Why does Bangladeshi press silent about Bangladesh military’s corruption?

Bangladesh has slipped two places in the Global Corruption Perception Index 2020 released by the Transparency International (TI) and is ahead only of Afghanistan in tackling graft among its South Asian neighbours.

The index by the Berlin-based organization for last year was released by its Bangladesh chapter, Transparency International Bangladesh (TIB). Bangladesh is positioned at 146 among 180 countries in the latest rankings.

TIB Executive Director Iftekharuzzaman said the government had declared a zero-tolerance policy against corruption, but its execution is hardly satisfactory.

He pointed out several key factors behind Bangladesh’s “disappointing” rank including the “failure of high-profile anti-corruption pledge to be transformed into reality”, the “erosion of political integrity”, “dysfunctionality of key institutions”, “sustained impunity”, and the detachment of policies from public interest.

The $4.1 billion military budget cannot be allowed to be used simply as a source of plunder for top regime officials, and there is a genuine motive for preventing or limiting corruption. This is not to say that ‘grand corruption’ at the top level does not occur in the military sector; but the energy sector, in particular, is a far more lucrative target of plunder in this regard. At lower levels, corruption inhibits a core state goal of strengthening Bangladesh’s military, and is something the Hasina government would genuinely wish to discourage. However, this goal will always be in tension with the underlying corrupt nature of the system, and the expectation of bureaucrats of private rewards from their position.

With these considerations in mind, we turn to the publicly-available information that exists on corruption in the Bangladesh defense sectors.

Hasina and her gangs

The complaints about freedom of speech and media freedom are only due to their discomfort at losing people’s trust, which is making them financially unsustainable.

The main insights on corruption in the military procurement in Bangladesh have to be derived from the NGOs investigations, media reports, expert commentaries, and interviews and public statements of the relevant officials. This inevitably biases the perspective on the phenomenon as a whole since it makes certain forms of corruption more visible than other. Moreover, the occasional nature of reporting prevents a systematic analysis of corruption in the defense industry and impedes the identification of corruption-related trends.

Why Bangladeshi media does not report?

In their defence, some of the leading dailies of Bangladesh said the Digital Security Act – a controversial law that could be used to suppress free speech – is the main reason behind their contrived silence.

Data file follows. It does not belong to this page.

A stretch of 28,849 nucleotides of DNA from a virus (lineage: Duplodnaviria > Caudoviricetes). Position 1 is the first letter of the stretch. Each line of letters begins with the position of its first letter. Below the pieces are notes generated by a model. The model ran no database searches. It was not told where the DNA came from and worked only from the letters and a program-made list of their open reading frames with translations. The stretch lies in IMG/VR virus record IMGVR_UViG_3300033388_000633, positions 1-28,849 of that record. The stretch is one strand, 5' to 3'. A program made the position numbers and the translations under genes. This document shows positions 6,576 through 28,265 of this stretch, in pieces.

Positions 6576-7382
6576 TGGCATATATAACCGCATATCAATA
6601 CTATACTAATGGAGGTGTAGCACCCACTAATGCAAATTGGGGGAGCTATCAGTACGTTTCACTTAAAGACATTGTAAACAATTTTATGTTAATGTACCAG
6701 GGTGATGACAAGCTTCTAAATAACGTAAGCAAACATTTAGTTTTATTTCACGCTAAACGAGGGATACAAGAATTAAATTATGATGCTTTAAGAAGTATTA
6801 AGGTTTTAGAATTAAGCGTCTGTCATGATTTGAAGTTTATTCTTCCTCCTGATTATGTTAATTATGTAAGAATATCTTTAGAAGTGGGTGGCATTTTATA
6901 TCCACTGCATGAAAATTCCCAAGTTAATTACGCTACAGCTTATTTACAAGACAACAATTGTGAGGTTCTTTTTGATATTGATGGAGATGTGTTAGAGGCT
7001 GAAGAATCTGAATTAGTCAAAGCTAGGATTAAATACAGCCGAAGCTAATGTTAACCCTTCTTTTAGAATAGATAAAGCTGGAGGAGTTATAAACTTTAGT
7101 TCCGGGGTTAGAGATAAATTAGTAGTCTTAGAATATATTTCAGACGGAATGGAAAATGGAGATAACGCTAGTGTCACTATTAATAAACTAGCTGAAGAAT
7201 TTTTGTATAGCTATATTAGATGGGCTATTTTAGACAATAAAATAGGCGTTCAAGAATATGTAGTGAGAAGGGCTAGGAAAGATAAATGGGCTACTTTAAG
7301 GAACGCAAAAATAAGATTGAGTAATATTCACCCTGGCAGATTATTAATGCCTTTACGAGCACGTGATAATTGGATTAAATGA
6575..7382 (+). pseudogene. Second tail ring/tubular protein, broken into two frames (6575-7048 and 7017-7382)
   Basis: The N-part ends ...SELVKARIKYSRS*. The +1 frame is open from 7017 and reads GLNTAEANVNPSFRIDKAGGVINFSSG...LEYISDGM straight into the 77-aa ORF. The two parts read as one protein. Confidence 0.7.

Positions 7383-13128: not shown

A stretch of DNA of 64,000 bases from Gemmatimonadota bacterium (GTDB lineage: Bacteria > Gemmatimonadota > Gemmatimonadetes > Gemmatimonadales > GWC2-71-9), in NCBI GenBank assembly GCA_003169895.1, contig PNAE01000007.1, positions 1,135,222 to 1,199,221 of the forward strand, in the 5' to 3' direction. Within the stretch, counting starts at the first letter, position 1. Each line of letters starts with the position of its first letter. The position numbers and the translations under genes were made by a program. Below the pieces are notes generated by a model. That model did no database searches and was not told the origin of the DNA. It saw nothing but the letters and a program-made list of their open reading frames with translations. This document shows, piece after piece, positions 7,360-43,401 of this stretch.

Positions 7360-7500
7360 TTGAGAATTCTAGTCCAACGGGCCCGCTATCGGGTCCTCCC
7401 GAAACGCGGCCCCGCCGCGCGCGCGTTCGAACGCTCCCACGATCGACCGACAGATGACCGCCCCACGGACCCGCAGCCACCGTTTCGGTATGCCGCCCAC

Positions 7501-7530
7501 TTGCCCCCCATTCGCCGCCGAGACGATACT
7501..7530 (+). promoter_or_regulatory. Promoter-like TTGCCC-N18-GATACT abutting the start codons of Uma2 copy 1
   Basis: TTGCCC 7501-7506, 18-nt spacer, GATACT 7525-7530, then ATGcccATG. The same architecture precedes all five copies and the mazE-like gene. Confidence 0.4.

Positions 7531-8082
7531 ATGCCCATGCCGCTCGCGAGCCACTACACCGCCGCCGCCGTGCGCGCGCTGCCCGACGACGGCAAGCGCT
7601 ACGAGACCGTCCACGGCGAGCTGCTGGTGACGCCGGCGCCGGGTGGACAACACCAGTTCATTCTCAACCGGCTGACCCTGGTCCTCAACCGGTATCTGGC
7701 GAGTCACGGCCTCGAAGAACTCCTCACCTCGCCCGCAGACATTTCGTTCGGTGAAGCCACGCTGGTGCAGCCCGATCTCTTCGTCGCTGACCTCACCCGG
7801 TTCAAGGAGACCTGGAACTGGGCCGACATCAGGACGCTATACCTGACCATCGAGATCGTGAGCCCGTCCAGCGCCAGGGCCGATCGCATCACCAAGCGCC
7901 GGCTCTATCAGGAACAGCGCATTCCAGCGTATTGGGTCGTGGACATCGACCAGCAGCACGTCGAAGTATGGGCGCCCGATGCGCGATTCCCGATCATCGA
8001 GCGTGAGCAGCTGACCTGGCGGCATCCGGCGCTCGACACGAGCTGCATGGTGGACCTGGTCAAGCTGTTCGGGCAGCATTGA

“If we were a free media today, we would have delved deeper into the widely-talked-about Al Jazeera report and analysed it, point by point, and exposed it for what it really is – not a top-class work of investigative journalism,” wrote Mahfuz Anam, the editor of The Daily Star, the country’s highest-circulated English daily, in a column on Friday.

He added, “We have done nothing because they all are involved with power, both financial and political, and we dare not nudge them. Sometimes we do our own investigative stories but only so long as those who pull the strings are kept out of the scene, or when the real culprit has no political or institutional clout, or when the object of our investigation has fallen out of favour.”

Restrictive laws

Earlier, on February 3, the paper carried an editorial stating, “It is really the reflection of the environment in which we operate exemplified by the existence of the DSA, among others, which is perhaps among the most comprehensively restrictive and oppressive laws against the free press anywhere.”

An editorial in the Dhaka Tribune titled “Why the silence” explained that the reason for their silence is simple as “the current state of media and defamation law in Bangladesh, and how it is interpreted by the judiciary, makes it unwise for any Bangladeshi media house to venture into any kind of meaningful comment on the controversy”.

The Dhaka Tribue editorial said that the Digital Security Act has a chilling effect on Bangladeshi media since it contains language proscribing reporting that is so broad in its scope and threatens such draconian consequences that “no responsible editor can take the chance of publishing reports that might even conceivably fall into its purview”.

To Summarize

Prime Minister Sheikh Hasina has a peculiar relationship with the armed forces offering military businesses, ignoring the military’s corruption and using the military-held Director General Forces Intelligence (DGFI) to intimidate political opponents and suppress freedom of speech.

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